So, everything looks really promising so far. But there are some unknown variables that have only been addressed vaguely or not at all. They all fall mainly into Sprint and Xohm (the name of Sprint's WiMax unit) territory: Much of the success depends on decisions the designated WiMax service provider for the U.S. will make. At least from what we have heard today, Xohm's position is powerful enough to make WiMax an instant success or derail the immediate WiMax opportunity in the U.S.

According to Maloney, the industry "screwed up" with three other communications technologies before. While GSM, 3G and Wi-Fi technologies are successful today, there were hiccups – hiccups Maloney wants to avoid with WiMax.

For GSM cellphones, Maloney said that the technology offers great compatibility worldwide and is easy to use, but it took more than a decade to achieve these goals. The newer 3G technology brought a big step forward in terms of data capabilities, but cost, roaming and performance issues aren't matching the promises once made. And then there is Wi-Fi, which is available at reasonable cost, good performance and compatibility; but Wi-Fi has issues with ease of us when users need to access new networks.

If we create an overlay of Maloney's requirements for WiMax, ease of use and cost are still in limbo and depend heavily on the decisions made by Xohm and service providers around the globe.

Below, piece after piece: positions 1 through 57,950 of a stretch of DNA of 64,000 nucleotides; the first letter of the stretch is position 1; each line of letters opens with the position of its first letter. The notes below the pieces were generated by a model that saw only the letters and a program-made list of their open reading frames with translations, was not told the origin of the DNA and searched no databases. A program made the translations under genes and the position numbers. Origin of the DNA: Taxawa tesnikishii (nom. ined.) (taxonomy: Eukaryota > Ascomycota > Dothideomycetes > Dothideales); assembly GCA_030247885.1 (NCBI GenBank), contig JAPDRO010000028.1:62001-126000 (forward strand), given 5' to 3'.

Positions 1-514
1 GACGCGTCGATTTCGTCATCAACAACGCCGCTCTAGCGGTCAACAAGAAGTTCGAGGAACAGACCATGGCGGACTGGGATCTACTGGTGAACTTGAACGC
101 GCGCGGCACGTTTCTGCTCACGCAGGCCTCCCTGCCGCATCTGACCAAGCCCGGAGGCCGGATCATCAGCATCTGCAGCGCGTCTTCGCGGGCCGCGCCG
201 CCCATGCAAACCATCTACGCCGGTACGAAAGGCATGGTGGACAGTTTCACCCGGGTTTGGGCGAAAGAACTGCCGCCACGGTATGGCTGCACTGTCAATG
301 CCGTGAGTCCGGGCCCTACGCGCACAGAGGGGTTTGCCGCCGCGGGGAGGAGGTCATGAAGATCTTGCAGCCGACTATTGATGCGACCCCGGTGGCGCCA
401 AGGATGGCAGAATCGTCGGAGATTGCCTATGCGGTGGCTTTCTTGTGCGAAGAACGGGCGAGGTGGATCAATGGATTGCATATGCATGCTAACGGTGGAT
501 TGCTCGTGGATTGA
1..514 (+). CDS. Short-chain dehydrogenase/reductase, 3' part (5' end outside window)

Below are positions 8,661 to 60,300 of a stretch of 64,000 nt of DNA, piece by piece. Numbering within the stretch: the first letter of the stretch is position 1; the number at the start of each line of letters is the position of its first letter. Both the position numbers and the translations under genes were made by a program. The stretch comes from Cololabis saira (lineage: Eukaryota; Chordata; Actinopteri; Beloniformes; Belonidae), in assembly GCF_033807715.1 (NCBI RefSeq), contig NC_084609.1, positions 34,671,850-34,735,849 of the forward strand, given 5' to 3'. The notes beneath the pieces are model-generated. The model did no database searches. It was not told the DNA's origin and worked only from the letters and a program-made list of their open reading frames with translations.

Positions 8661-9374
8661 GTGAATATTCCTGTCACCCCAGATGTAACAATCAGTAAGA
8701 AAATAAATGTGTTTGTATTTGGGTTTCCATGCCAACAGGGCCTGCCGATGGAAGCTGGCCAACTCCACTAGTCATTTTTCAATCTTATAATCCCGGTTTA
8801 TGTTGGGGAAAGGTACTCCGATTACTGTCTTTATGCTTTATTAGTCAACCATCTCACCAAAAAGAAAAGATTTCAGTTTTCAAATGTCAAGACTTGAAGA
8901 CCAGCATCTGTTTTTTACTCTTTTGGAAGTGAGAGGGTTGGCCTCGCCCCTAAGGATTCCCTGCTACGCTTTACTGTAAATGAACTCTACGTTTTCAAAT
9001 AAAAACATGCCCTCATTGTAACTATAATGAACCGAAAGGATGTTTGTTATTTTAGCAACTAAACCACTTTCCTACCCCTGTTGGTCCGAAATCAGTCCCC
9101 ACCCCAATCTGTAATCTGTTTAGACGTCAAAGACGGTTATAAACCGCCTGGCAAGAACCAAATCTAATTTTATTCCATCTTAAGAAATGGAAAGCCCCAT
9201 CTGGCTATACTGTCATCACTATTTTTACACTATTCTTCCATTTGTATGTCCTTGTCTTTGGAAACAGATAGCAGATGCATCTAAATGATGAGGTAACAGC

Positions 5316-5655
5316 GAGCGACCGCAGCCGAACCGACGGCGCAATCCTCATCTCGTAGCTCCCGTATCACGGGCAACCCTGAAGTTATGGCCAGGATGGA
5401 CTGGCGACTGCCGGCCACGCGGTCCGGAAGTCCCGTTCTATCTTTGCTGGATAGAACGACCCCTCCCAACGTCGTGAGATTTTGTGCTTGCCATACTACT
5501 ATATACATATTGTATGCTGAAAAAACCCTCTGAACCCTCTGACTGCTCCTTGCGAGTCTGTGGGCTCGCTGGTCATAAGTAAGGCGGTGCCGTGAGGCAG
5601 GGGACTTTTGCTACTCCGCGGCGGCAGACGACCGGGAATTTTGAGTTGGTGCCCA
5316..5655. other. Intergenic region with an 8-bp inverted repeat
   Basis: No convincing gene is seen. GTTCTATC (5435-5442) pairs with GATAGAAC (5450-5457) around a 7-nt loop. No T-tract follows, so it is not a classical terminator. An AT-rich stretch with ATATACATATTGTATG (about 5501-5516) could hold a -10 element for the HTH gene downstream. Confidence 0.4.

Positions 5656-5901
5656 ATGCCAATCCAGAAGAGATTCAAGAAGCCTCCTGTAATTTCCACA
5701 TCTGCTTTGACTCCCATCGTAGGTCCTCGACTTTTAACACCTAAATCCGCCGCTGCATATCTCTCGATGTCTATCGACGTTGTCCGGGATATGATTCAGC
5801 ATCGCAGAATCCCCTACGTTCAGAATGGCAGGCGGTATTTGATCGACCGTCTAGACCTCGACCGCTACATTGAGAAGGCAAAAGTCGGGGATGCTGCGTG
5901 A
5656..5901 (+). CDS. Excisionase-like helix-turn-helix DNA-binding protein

As it stands now, the usability of WiMax will be similar to that of Wi-Fi. You can access the Internet as long as you are in the range of your main provider's network, but you will have to sign up for a new account as soon as you transition into a network area that is not covered by your provider. This could turn into a nightmare especially for users who are traveling great distances: While Xohm says that it will only "capture" a user and its payment information once, moving between different networks means that you will have to sign for WiMax services available there and you will have to choose a pay-as-you-go plan when transitioning from one network to another (assuming you will not have a long-term subscription with multiple providers at the same time).

 

Admitted, WiMax will be an improvement over Wi-Fi, thanks to its greater range, and it will be not so much an issue for people staying in U.S. metropolitan areas. But, clearly, the convenience of WiMax will trail the convenience of the cellphone which adjusts to new networks automatically and does not require users to sign-up for new networks and choose a service plan for a certain time frame from a certain provider. We have heard very little about international roaming agreements so far, but it is clear that service providers will have to make roaming agreements and make WiMax roaming as easy and transparent as it is the case with the cellphone.